Now Who Is A Sad Sick Joke?

by Paul Bland, Executive Director, Public Justice

It has become common knowledge in Washington that, if you want to bury bad news, the best time to do so is on a Friday afternoon, or over a holiday weekend. So it is especially telling that, when it came time to strike at one of the most effective agencies in the federal government, the Trump Administration chose a two-for and announced its plans for the Consumer Financial Protection Bureau on Friday evening over Thanksgiving weekend. While most of the country was (the White House hoped) distracted by black Friday sales and family gatherings, President Trump announced he had installed Mick Mulvaney – who once referred to the CFPB as a “sad sick joke” – as acting director of the agency. The move is just the latest in a long line of Presidential appointments designed to dismantle government agencies from the inside by placing their fiercest critics in charge of their work. But Trump’s move at the CFPB is probably illegal, politically risky, and could backfire in a big way.

While public trust and confidence in the federal government is sagging, to say the least, the CFPB has managed a nearly impossible feat: Both Republican and Democratic voters agree, overwhelmingly, that the agency has an important job and has done it well. That bipartisan support is likely due to the unique independence the agency enjoys, which was a key part of its original plan. By ensuring the Director would not be beholden to the President, Congress also ensured it would be free to take on big banks, payday lenders and Wall Street’s bad actors without fear of political repercussion or retaliation. It allowed former Director Rich Cordray to go after Wells Fargo – to use just one example – even while the bank filled the campaign coffers of candidates from both political parties.

The result has paid very real dividends for consumers. Since its founding, the CFPB has returned $12 billion to consumers cheated, defrauded and wronged by the financial services industry.  It’s a narrative that should play bigly with the President’s campaign promises to look out for the little guy. But the President, instead, has put politics – and Wall Street – ahead of the voters who put him in the White House.

In selecting Mulvaney, who will also retain his position as director of the Office of Management and Budget, Trump has installed his own direct report at the agency, wiping away any sense of independence the CFPB once had. This is flatly contrary to the provisions in Dodd-Frank, the statute that created the CFPB, that require that the head of the Bureau be completely independent (like the Chair of the Fed).  But with a political appointee whose main job (at OMB) is controlled by the President, rather than having the freedom to go after corporations based on what they’ve done wrong, Mulvaney will now undoubtedly have to seek the President’s blessing to do so. And anyone who doubts where Trump’s allegiance is needs only to look at the long line of Wall Street bankers who now hold top positions in his Administration.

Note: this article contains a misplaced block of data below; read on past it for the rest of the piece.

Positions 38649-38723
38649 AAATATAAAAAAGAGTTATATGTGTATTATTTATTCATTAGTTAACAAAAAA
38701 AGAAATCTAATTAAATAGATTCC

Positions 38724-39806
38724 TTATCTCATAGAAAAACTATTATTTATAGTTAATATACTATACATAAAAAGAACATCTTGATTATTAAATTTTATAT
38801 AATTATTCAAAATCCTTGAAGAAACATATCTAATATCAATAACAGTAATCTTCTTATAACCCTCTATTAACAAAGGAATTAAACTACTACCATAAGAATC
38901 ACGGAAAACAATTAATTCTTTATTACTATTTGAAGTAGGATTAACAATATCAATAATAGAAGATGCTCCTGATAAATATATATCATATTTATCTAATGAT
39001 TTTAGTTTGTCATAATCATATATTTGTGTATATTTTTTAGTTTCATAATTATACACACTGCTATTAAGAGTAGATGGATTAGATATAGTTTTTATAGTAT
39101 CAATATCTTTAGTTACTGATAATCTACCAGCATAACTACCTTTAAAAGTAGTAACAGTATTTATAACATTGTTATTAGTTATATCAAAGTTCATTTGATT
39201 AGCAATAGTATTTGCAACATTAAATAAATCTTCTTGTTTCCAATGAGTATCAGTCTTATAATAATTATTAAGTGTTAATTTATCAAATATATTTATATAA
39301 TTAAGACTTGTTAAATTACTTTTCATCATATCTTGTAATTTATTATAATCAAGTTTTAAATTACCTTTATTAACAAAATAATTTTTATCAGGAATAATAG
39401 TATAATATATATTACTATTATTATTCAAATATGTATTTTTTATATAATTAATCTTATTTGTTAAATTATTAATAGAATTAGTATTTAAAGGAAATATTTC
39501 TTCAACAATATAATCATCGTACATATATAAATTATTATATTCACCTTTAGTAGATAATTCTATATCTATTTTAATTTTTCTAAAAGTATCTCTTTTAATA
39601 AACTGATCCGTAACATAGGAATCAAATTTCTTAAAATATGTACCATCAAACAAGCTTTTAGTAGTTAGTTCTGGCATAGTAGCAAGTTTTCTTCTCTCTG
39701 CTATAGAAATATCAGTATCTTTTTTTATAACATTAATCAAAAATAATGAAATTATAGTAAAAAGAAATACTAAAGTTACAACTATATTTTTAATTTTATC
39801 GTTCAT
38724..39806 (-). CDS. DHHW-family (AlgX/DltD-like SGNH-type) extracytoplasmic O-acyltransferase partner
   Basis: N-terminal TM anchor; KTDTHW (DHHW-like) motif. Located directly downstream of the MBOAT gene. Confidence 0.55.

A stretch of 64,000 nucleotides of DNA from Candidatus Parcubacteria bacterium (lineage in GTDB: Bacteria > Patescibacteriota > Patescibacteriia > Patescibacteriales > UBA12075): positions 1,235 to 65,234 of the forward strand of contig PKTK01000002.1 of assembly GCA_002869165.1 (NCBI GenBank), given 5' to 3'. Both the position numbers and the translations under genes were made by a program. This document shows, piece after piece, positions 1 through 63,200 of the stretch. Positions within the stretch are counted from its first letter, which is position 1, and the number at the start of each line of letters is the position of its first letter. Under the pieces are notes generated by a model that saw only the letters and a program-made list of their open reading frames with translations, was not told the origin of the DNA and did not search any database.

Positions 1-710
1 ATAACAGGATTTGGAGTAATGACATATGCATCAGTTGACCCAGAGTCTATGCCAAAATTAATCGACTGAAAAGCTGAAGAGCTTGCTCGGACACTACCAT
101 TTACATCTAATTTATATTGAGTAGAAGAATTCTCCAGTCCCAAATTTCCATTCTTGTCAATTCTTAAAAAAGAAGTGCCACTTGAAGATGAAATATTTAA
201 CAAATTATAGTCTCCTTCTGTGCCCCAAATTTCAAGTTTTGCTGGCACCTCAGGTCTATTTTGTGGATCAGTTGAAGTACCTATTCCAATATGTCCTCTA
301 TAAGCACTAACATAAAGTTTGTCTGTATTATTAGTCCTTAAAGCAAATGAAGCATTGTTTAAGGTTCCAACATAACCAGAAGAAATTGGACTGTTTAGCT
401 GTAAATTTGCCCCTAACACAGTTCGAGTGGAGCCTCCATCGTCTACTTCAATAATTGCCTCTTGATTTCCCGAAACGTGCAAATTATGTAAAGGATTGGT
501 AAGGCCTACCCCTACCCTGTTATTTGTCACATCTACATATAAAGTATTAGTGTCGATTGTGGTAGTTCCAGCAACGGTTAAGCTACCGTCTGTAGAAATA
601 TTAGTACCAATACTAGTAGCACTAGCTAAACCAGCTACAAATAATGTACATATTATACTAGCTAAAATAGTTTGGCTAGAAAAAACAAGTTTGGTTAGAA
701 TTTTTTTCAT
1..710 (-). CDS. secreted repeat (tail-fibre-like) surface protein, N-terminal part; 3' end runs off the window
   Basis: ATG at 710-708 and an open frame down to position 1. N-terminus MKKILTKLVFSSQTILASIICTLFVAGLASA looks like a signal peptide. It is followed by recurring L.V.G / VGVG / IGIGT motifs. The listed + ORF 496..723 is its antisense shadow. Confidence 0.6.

That, in turn, leaves little doubt as to why Trump has chosen to appoint – at least for now – an “acting” head of the agency. By doing so, the White House hopes to avoid a Senate confirmation hearing that would almost certainly come with withering questions about the Administration’s assault on an agency that has become increasingly popular among its own voters. But voters deserve those answers, and the White House should not be allowed to use political loopholes as part of its strategy to deliver a death knell to the agency.

In fact, Mulvaney’s appointment is, itself, of questionable legitimacy. Cordray’s Deputy Director at the agency, Leandra English, has filed suit to stop the OMB head from taking over, citing language in the law creating the agency that makes clear the President cannot avoid Senate confirmation of a new Director, and that the Deputy Director (in this case, English) should serve as the agency’s head until the Senate approves a White House nominee. It may be an uphill struggle, but we strongly urge Senators to insist that the Administration begin to respect the idea that the agency serve as an independent watchdog.  If the White House ignores this principle, at least if there are public hearings, those will give the consumers the agency is charged with protecting the option of weighing in with their elected representatives.

Sadly, the President seems intent, instead, on making sure the wolf is put in charge of the hen house, with the apparent goal of making the CFPB the latest casualty in the White House’s war on competence. And while defeating any eventual permanent nominee for the agency may be its own uphill battle, every consumer who feels like Wells Fargo already has enough friends in high places should get ready to fight like hell to protect the last friend the little guys have left in official Washington.  

Forced arbitration is bad for consumers

*This piece originally appeared on the EPI blog.

by Heidi Shierholz, Senior Economist and Director of Policy, Economic Policy Institute